Friday, January 23, 2009

Blogging for Choice (one day late): People I Know

Since yesterday was the 36th anniversary of Roe v. Wade, bloggers everywhere celebrated by blogging for choice. I'm a bit late, but I thought I'd share some stories about people in my life, and their reproductive choices. A totally autobiographical, policy-free journal entry.

Since moving to Chicago, I’ve gotten to know a beautiful family of six – we’ll call them the Rogers family. The husband and wife are young, happy, and in love. They have four children under the age of seven. Their father is a Catholic youth minister and a graduate student in theology. When I met Cara, their mom, I was struck by how very young she was to be the mother of four children. As I got to know them, I began to realize that Cara fully expected to bear more children – she didn’t know when, but she assumed another child would someday come. It became clear that Cara and her husband didn’t use contraception. Cara is vehemently pro-life, and is frightened by Obama’s presidency for this very reason. She has four beautiful children, and her husband was adopted. When she discusses abortion, you can see the “What if” in her eyes: What if I’d “chosen” to abort my oldest daughter, who’s now learning to play the violin? What if my husband’s birth mother hadn’t “chosen” adoption?

And then I think about the reproductive history of my own family, and the way even we – a middle-class, white family from the Northeast – represent so many different kinds of reproductive choices. One member of my family gave a baby up for adoption twenty-five years ago. Another aborted her pregnancy in secret last year. Another experienced horrible post-partum depression after the birth of her only child. Another couple adopted a baby girl from Korea, after the birth their biological son a few years before. My family includes one childless gay couple, one childless straight couple, and at least one granddaughter - that's me - on the pill.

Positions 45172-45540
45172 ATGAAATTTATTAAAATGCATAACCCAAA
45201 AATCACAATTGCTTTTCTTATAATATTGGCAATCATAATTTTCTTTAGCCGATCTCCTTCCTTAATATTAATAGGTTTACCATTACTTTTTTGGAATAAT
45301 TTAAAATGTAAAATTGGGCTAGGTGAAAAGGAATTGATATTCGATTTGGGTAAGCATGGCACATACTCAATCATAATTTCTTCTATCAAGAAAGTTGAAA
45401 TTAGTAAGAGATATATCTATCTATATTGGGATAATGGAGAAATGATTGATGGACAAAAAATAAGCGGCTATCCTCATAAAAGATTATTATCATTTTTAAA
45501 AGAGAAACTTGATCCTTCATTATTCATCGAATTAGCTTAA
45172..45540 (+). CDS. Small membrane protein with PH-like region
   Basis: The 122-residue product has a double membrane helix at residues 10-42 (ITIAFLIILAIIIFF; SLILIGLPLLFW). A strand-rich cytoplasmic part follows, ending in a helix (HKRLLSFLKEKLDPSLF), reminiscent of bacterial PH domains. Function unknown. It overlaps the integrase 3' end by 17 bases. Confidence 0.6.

I take that little white pill, knowing that it gives me the freedom to have an adult relationship without becoming a mother. Knowing that it levels the playing field of sexual consequences for me and my partner. Knowing that it protects my body from an experience that my life can't contain yet. Knowing that this pill is -- in many ways -- the reason why I can apply to graduate school, play my instrument, go for a run, plan a vacation, write in my blog, and yes, have sex, all in the same life.

In my family, and across the country, there are mothers who stayed at home, mothers who went back to work, and mothers who made the decision they weren’t ready to be mothers yet. These were all people who had a choice.

And then there’s my friend from Tanzania, who learned she was pregnant with twins just after graduating from high school. She wasn’t with a man she had any intention of marrying. Those babies were born two weeks ago, and received a joyous welcome from their mother, father, and grandmother. Those babies were born to a woman who had a choice.

So sure, I want fewer abortions. Therefore I want accessible, affordable, safe, awesome birth control for everyone. I want scientific, shame-free, comprehensive, compassionate sex education for everyone. I want affordable child care and health care for parents, so that they can take care of their children. I want good jobs in our country, so that parents can work and support their families. I want a society with MATERIAL PROOF of its appreciation for mothers, and fathers too.

And even when all these things are in place, many women will still need abortions. Because people make mistakes, because it’s not the right time, because there’s no money and because he’s not the right person and because you can’t do it. And when they go to get their abortions, I don’t want it to be frightening or sad. I don’t want any woman to have to go through abortion alone. I don’t want abortion to be shameful, I don’t want it to be secret, and I certainly don’t want its access to be restricted.

And in this little utopia, I want all the above named people – friends, family, mothers, fathers – to respect each other’s choices. Is this too much to ask?

1 comment:

Arvilla said...

Lovely post. I like your utopia.

Also, can I get an amen for the peace of mind the very existence of Plan B provides?